“If I ever caught you spun, we’d be over. Only one of us gets to be fucked up at a time.”
What if all life choices are flawed? In her first novel, Little Green, Loretta Stinson, winner of the Oregon Literary Arts Fellowship in Fiction, introduces Janie Marek, a young girl with few options. Left an orphan in care of an indifferent stepmother, heartbreak propels Janie to run away at the age of sixteen. On the road and needing money, she enters a topless bar; after displaying her wares and lying about her age she is hired. Janie’s life will become worse.
Novels about abuse, rape, domestic violence, and other hopeless situations often beg the reader to suffer along with seemingly helpless characters as they bump into and barely recognize better choices. The finest of these writers—Mary Gaitskill, Dorothy Alison—create realities many readers never experience: a girl has to decide whether to strip or become a prostitute or use drugs (Gaitskill); a bad situation worsens with no way out, as in Allison’s Bastard out of Carolina. So where will Stinson’s character go? Will Janie make a right choice?
Stinson’s prose propels the story, but her real strengths are dialogue and characterization. At the topless bar, the Habit, Janie meets Paul Jesse, an itinerant drug dealer; they have a moment, but she is not interested in pursuing the flirtation. After a couple months of saving up, she’s ready to head north, to Eugene; she thumbs it, accepts a ride, gets savagely raped, and returns to the bar beaten and in shock, where she sees more of Paul. He is ten-plus years her senior, an unshaven alcoholic roughneck and drug abuser with a history of domestic violence. Stinson creates a three dimensional character in Paul, who is able to recognize, when sober, some measure of his faults. He shows a soft and tender side to Janie and displays enough charm to convince Janie to move in with him—and then the proverbial downward spiral begins. All his redeeming qualities diminish, replaced by a pathologically self-centered, jealous, hypocritical, and insecure villain. Paul beats Janie, screws other drug-addled women without compunction, and when he takes Janie on one of his drug runs offers her as collateral: “As long as he didn’t rip off Bill and brought the money back in time, Janie would be fine. If he didn’t, Bill would get her strung out and sell her to a pimp he knew.”
Reading Janie’s misadventures can be frustrating, especially once the real Paul emerges. Her lack of experience fuels a naïve belief that she can make him change, but the source of this unexplained faith is never clear. Paul becomes enraged when she drinks or wants to use drugs: “If I ever caught you spun, we’d be over. Only one of us gets to be fucked up at a time.”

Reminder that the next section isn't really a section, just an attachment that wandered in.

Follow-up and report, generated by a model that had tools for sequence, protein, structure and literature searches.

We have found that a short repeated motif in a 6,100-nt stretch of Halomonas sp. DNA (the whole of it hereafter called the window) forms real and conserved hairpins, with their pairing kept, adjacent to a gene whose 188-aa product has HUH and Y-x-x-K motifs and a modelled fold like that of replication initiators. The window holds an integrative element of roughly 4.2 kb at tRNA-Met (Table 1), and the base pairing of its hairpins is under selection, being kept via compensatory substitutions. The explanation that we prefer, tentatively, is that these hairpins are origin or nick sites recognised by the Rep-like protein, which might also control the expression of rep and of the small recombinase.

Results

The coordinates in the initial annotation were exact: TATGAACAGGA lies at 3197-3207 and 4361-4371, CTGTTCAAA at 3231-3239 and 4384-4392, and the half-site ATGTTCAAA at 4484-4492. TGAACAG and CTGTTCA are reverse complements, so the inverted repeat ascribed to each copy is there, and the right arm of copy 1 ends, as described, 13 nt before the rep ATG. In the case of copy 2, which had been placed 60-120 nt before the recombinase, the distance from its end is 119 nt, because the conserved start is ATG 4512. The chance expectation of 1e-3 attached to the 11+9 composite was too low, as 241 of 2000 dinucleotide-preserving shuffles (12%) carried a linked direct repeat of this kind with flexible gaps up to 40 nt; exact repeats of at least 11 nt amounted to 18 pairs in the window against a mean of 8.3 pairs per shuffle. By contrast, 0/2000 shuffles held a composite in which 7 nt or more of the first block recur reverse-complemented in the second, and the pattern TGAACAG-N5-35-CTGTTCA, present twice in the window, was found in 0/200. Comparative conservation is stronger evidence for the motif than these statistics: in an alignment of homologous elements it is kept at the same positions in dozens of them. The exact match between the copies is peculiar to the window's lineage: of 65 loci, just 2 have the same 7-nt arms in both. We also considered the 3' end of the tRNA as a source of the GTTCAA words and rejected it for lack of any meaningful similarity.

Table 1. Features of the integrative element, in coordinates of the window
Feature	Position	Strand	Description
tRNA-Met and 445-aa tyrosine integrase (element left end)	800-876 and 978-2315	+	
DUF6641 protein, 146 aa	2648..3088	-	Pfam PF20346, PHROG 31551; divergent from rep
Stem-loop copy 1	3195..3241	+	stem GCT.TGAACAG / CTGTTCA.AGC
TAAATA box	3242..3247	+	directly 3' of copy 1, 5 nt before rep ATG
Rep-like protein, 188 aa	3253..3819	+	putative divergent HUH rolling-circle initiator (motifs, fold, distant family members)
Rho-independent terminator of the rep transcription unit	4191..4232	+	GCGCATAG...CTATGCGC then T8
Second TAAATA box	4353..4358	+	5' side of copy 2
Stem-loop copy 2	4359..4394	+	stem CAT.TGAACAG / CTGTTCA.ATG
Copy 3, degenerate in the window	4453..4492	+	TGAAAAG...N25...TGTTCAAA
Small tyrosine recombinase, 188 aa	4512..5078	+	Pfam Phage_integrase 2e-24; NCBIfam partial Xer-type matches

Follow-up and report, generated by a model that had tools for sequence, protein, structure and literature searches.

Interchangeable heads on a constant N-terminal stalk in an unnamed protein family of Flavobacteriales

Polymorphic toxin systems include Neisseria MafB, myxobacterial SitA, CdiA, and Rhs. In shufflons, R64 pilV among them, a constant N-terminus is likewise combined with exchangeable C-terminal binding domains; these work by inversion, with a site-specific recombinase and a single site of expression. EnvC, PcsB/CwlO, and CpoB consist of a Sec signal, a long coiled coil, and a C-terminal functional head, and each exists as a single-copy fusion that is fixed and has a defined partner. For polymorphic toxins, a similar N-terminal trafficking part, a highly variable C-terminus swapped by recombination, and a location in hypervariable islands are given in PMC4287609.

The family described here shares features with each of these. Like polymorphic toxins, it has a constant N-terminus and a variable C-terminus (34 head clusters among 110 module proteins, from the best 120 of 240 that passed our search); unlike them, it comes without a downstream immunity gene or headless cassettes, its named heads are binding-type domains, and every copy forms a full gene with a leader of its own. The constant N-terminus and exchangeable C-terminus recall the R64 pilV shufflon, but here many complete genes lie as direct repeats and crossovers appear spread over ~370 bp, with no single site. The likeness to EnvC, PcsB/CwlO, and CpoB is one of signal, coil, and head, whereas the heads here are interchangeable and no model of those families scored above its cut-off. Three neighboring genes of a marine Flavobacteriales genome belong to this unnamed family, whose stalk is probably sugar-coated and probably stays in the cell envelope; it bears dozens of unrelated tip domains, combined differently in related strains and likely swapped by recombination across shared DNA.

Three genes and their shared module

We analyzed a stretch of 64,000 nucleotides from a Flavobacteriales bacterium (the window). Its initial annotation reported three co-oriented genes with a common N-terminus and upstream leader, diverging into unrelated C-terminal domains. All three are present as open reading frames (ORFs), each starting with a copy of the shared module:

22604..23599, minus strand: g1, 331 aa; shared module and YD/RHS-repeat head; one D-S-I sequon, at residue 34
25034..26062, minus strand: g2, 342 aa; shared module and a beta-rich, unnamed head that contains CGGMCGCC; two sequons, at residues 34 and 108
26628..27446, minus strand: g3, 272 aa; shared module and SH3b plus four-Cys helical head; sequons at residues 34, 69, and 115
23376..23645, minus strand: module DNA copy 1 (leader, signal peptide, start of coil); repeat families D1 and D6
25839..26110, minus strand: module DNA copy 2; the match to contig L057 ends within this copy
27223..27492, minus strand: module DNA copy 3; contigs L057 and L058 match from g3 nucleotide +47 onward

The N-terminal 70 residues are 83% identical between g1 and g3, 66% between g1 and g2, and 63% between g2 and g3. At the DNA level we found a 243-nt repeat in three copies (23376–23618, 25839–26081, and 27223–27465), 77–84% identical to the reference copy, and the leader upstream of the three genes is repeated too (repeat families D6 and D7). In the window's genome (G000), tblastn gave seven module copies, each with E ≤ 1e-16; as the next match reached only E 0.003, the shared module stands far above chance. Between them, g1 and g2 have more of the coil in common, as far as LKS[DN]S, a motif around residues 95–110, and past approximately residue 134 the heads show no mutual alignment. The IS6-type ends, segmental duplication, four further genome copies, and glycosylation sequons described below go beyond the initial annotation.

Then this: “Janie knew she stayed now because she was afraid to leave… He whispered in her ear, so close she could taste the crank on him, ‘If you ever left me I’d find you. I’d kill you before I let you leave me.’”
Janie finds support in unexpected places. One friend counsels, “if you ask a smoker they’ll say they know they have to quit but it means being uncomfortable. Until the smoker decides to live with discomfort there’s not much you can do.” Another, one of Paul’s coke whores, warns her, “Right now, I know more about you and Paul than you do. You think he’ll change and I know he won’t.”
Yet during Paul’s long absences Janie finds a job, other lifelines, and the reader begins to hope. Nevertheless, she keeps hoping against hope, giving Paul chance upon chance. When she serves up the Thanksgiving Day disaster of her home-cooked meal on a table made of an “old piece of plywood and two saw horses,” eaten by Paul’s meth-riddled friends as Paul is passed out, she seems more hurt and helpless than angry. Has she still not figured out that Paul is, well, not her best option?
Authentic narrations of drug use and abuse are not flashy and dramatic, but tempered by long periods of uncertainty, fear, and repeated mistakes. Victims are confused, scared, and rarely heroic. In seeking a better life, Janie’s passivity, her lack of agency in the cause of her own redemption, can be given a pass; the possibility that she might learn to recognize her choices and take action dawns only slowly. But Stinson’s admirable storytelling keeps the reader uncertain—and uncomfortable—until the very end.